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# Direct Proportion

Direct Proportion Animation

 This browser does not support inline frames, or it is currently configured not to display inline frames. The heights of these two bars vary in direct proportion to one another. When one gets large, the other gets large; when one gets small, the other gets small - but this is happening in a special way. When the blue bar grows so that it doubles (times 2) it size, the green bar also doubles (times 2) its size. If the green bar shrinks so that its height is cut to one third (times 1/3), then the blue bar also shrinks to one third (times 1/3) its height. The height of both bars change by the same factor. Further explanations follow.

Quantities change.

When a quantity gets larger or smaller, we say that it changes.

Changes can be related through factor changes.

Sometimes a change in one quantity causes a change, or is linked to a change, in another quantity. If these changes are related through equal factors, then the quantities are said to be in direct proportion. Or one would say that the two quantities are directly proportional.

Twice the soup costs twice the money.

For example, suppose that you are buying cans of soup at the store. Let us imagine that they cost 50 cents, or \$0.50, each.

Case #1:

Suppose that you buy 4 cans. You would pay \$2.00.

Case #2:

Suppose that you buy 8 cans. You would pay \$4.00.

So, changing the number of cans that you buy will change the amount of money that you pay.

Notice that the number of cans changed by a factor of 2, since 4 cans times 2 is 8 cans.

Also, notice that the amount of money that you must pay also changed by a factor of 2, since \$2.00 times 2 is \$4.00.

Both the number of cans and the cost changed by the same factor, 2.

Definition of Direct Proportion

When quantities are related this way we say that they are in direct proportion. That is, when two quantities both change by the same factor, they are in direct proportion.

In the above example the number of soup cans is in direct proportion to the cost of the soup cans. The number of soup cans is directly proportional to the cost of the soup cans.

The formal definition of direct proportion:

 Two quantities, A and B, are in direct proportion if by whatever factor A changes, B changes by the same factor.

Half the volume of a liquid has half the weight.

Let us present another example of a direct proportion. The weight of a liquid is directly proportional to its volume.

Suppose that you had a container holding 6 quarts of a liquid, and that liquid weighed 3 pounds. If we poured out half of the liquid so that only 3 quarts remained, that liquid would now weigh 1.5 pounds.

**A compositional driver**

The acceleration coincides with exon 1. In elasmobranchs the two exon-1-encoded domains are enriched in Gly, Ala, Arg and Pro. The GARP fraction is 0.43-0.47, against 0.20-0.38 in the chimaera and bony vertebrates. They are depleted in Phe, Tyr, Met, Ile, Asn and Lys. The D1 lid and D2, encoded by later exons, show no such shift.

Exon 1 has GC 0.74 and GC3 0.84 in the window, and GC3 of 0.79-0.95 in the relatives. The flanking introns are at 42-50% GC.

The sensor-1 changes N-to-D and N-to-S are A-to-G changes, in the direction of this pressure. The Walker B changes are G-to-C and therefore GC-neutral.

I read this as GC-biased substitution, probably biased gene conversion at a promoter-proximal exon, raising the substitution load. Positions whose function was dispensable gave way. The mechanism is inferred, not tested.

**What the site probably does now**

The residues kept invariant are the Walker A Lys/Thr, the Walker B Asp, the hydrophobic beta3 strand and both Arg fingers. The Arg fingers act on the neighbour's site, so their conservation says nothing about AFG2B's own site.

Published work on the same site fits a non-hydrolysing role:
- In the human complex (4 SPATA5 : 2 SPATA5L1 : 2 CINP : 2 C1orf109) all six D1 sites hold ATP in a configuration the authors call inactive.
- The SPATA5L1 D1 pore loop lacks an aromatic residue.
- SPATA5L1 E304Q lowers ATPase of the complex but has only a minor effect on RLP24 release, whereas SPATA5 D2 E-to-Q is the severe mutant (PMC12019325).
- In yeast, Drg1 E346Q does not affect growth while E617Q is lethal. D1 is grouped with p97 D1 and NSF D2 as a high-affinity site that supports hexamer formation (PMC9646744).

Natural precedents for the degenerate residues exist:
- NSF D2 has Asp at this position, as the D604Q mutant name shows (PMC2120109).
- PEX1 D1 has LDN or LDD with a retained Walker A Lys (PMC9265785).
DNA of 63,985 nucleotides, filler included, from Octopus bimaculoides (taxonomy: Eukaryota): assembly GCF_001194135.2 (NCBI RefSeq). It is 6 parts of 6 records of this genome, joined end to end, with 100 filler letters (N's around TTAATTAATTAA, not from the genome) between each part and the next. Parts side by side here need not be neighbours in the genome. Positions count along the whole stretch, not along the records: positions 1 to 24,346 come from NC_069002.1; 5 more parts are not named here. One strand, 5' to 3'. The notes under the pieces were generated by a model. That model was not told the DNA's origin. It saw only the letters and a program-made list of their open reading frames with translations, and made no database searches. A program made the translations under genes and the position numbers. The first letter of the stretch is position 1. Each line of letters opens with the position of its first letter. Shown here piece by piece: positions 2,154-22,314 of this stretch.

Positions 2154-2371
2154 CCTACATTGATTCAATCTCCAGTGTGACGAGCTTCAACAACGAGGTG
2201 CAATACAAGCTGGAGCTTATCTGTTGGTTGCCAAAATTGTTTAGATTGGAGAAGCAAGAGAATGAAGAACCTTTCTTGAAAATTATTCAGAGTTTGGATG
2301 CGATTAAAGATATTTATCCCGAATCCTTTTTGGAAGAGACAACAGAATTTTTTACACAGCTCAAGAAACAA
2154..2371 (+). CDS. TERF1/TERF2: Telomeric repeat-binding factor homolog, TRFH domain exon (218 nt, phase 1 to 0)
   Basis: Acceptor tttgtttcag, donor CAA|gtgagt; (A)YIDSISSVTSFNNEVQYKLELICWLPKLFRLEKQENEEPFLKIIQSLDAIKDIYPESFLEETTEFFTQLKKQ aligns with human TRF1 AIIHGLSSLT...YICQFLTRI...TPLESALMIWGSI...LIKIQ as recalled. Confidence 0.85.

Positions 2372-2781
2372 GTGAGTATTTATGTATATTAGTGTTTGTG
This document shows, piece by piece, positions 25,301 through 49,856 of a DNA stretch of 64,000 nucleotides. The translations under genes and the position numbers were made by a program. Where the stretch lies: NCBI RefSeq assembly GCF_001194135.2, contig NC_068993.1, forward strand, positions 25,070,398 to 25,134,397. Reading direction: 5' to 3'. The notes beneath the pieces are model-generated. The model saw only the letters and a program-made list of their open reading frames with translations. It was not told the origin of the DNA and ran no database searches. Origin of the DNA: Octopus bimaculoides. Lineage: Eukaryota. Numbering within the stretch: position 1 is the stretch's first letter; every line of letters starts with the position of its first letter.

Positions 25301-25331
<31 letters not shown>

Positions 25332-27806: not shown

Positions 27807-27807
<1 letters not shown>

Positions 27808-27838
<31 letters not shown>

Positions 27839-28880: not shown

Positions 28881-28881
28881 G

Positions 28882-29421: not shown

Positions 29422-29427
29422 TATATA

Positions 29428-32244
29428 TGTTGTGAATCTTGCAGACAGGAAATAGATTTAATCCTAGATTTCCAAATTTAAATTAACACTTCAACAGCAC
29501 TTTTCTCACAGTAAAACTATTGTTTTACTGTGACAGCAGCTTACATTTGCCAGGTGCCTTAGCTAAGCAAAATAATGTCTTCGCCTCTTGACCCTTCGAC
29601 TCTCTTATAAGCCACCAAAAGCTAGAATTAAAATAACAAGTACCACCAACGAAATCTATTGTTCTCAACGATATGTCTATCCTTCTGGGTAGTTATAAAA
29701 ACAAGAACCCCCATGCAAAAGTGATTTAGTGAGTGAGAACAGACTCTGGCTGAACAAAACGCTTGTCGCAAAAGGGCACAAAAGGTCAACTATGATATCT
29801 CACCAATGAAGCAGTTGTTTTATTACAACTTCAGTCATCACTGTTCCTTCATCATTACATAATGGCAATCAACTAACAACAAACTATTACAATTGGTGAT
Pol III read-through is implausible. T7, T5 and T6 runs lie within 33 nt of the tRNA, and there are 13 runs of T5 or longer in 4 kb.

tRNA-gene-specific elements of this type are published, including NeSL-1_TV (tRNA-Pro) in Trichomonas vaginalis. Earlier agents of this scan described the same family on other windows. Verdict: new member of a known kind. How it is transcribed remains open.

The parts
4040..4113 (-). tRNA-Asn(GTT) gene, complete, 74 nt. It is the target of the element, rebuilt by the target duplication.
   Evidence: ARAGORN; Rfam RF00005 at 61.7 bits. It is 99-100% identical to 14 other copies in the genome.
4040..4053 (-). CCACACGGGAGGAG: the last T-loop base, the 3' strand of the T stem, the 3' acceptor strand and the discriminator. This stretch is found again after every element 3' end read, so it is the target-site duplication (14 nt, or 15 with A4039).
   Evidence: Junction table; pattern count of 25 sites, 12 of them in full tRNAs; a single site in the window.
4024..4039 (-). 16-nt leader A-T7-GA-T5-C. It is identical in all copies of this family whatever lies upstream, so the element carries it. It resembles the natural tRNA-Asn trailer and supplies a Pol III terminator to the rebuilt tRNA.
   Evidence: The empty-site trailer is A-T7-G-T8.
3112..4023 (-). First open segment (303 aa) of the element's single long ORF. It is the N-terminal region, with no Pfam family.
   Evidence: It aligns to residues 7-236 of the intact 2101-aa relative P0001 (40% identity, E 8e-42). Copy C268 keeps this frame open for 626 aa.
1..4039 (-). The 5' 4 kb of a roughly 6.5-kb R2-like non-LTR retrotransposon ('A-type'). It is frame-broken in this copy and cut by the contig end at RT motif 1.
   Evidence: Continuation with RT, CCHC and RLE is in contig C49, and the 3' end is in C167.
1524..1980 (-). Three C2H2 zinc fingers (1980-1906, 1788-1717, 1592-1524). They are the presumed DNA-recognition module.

So, the volume of the liquid changed by a factor of 1/2, since it went from 6 to 3 quarts, and since 6 quarts times 1/2 equals 3 quarts. The weight of the liquid also changed by a factor of 1/2 since it went from 3 to 1.5 pounds, and since 3 pounds times 1/2 equals 1.5 pounds.

Both the volume and the weight changed by the same factor, 1/2. So, in this example the weight and volume of the liquid are in direct proportion.

Symbol for directly proportional is alpha.

Here is a shorthand way to say that the quantities A and B are directly proportional: The Greek letter between the A and the B is called alpha. It is here written in lower case script. In this context it is shorthand for the phrase 'is directly proportional to.' So, the above statement reads 'A is directly proportional to B.'

The form of the equation for a direct proportion looks like y = mx.

Whenever you have a direct proportion as stated above you can change it into an equation by using a proportionality constant. Here is how the direct proportion would look as an equation: The above would read 'A equals k times B.' The quantity k is a proportionality constant. If two quantities, A and B, are directly proportional, then there is a proportionality constant, k, such that k times B will equal A.

Note that the above equation has the same form as y = mx, a simple linear equation from mathematics that graphs a straight line through the origin with a slope of m.

The graph of a direct proportion is a straight line through the origin.

If A=kB, then a graph of A vs. B will yield a straight line through the origin with k as the slope: So, if you graph data for two related quantities, and that graph yields a straight line through the origin, then you know that the two quantities are in direct proportion.

Note again the similarity to the equation y = mx, where a line passes through the origin at a slope of m.

Examples of direct proportions abound in physics. For example, Newton's second law of motion states that the acceleration of an object is in direct proportion to the force on the object. So, if you triple the force on an object, then the acceleration of that object will also triple. Of course, when you triple a quantity you are changing it by a factor of 3.

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